Human peripheral blood monocytes were isolated from buffy coats obtained from healthy blood donors. An equal volume of PBS was added to the buffy coats. An amount of dextran (6% stock solution) was then added corresponding to 10% of the volume after addition of PBS. The tubes were left to stand for 35 min, whereafter the upper phase was transferred to new tubes and centrifuged at 200 g for 10 min. The supernatant was discarded and the pellets resuspended in PBS. The centrifugation was repeated twice, whereafter the cells were resuspended in 30 mL PBS. The suspension was transferred to two new tubes (15 mL to each). 10 mL Ficoll-Paque was added underneath the 15 mL suspensions, and the tubes were centrifuged at 400 g for 35 min. Leukocytes were collected from the interface and pelleted by centrifugation at 400 g for 35 min. Cells were resuspended in 50 mL PBS and counted. They were centrifuged at 400 g for 10 min and resuspended in an appropriate volume of Macrophage-SFM (Invitrogen Life Technologies, Carlsbad, CA) culture medium supplemented with GM-CSF (10 ng/mL). 80 million cells were added to 100 mm cell culture dishes. Two hours later, the cells were rinsed three times with warm PBS containing Ca2+ and Mg2+. Cells were then incubated over night in Macrophage-SFM culture medium supplemented with GM-CSF (10 ng/mL), transferrin (25 μg/mL) and gentamicin (50 μg/mL). The medium was changed the following day, and subsequently every third day. Seven days later, monocytes had differentiated into macrophages and experiments or pretreatments without GM-CSF were started, as indicated in the text. Cell culture and preparation of LDL were coordinated so that only fresh LDL and ac-LDL (up to two weeks old) were used in the experiments.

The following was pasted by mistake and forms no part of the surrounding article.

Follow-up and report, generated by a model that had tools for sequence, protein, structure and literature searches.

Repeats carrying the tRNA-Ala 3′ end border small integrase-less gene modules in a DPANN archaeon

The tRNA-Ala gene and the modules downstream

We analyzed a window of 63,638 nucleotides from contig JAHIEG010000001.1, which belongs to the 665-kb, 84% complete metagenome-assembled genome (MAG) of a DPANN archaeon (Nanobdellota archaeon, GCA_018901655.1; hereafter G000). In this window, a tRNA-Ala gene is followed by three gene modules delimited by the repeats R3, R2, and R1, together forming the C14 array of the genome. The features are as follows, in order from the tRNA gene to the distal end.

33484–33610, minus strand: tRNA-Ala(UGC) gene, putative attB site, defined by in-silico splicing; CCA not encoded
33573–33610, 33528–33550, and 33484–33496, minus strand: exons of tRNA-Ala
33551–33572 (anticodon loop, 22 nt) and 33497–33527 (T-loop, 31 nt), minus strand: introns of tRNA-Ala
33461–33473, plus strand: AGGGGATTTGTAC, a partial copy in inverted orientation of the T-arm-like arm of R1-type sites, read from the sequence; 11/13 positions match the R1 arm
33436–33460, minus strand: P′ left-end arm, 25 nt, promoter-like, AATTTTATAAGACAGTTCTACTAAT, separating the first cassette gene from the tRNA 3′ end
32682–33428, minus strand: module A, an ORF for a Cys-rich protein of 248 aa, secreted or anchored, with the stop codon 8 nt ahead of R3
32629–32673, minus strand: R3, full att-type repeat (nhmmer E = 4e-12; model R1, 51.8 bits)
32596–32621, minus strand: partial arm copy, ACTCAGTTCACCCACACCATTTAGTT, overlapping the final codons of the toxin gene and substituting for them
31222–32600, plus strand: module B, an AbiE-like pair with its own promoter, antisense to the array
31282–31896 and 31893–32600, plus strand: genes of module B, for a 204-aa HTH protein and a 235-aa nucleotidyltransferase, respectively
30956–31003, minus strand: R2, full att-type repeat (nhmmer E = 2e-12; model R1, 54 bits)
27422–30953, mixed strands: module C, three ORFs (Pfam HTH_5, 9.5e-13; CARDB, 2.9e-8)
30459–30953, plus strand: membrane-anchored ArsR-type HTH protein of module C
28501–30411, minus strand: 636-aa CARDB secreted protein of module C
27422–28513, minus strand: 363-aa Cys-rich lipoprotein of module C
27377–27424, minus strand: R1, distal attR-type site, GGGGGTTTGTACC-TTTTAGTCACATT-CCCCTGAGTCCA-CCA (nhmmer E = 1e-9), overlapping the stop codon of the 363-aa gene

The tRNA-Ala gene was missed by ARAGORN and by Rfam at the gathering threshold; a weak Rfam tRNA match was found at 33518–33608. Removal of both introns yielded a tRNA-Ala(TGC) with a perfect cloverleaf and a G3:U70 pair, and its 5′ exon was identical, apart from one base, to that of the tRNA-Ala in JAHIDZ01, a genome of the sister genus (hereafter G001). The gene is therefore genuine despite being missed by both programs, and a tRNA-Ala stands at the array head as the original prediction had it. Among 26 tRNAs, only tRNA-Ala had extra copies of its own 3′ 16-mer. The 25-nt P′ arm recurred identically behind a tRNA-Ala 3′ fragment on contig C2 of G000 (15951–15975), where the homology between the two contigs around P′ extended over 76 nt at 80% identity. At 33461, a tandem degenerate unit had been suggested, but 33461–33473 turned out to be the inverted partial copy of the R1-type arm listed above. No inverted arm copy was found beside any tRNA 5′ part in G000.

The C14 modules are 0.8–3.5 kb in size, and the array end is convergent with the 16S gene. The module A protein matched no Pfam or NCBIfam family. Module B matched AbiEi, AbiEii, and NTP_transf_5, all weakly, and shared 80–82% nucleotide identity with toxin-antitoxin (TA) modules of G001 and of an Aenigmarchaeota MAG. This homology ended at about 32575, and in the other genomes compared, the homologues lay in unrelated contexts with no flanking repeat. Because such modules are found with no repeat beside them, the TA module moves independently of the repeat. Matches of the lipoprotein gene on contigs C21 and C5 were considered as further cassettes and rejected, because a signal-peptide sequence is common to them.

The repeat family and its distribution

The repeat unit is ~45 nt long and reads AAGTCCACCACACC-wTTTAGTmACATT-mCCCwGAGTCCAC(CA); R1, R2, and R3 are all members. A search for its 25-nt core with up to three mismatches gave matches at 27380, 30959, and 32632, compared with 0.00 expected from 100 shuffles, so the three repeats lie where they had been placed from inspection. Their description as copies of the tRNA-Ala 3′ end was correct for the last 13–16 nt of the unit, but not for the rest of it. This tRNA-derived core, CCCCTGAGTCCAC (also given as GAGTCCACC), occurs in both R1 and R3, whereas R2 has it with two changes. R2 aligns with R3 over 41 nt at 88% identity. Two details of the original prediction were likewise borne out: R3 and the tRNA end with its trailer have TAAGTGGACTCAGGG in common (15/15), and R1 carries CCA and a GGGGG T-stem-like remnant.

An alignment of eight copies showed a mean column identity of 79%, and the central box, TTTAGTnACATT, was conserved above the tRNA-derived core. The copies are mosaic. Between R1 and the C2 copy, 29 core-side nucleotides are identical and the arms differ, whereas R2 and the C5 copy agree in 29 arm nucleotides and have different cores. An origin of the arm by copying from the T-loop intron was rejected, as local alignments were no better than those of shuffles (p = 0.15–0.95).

Preparation of nuclear extract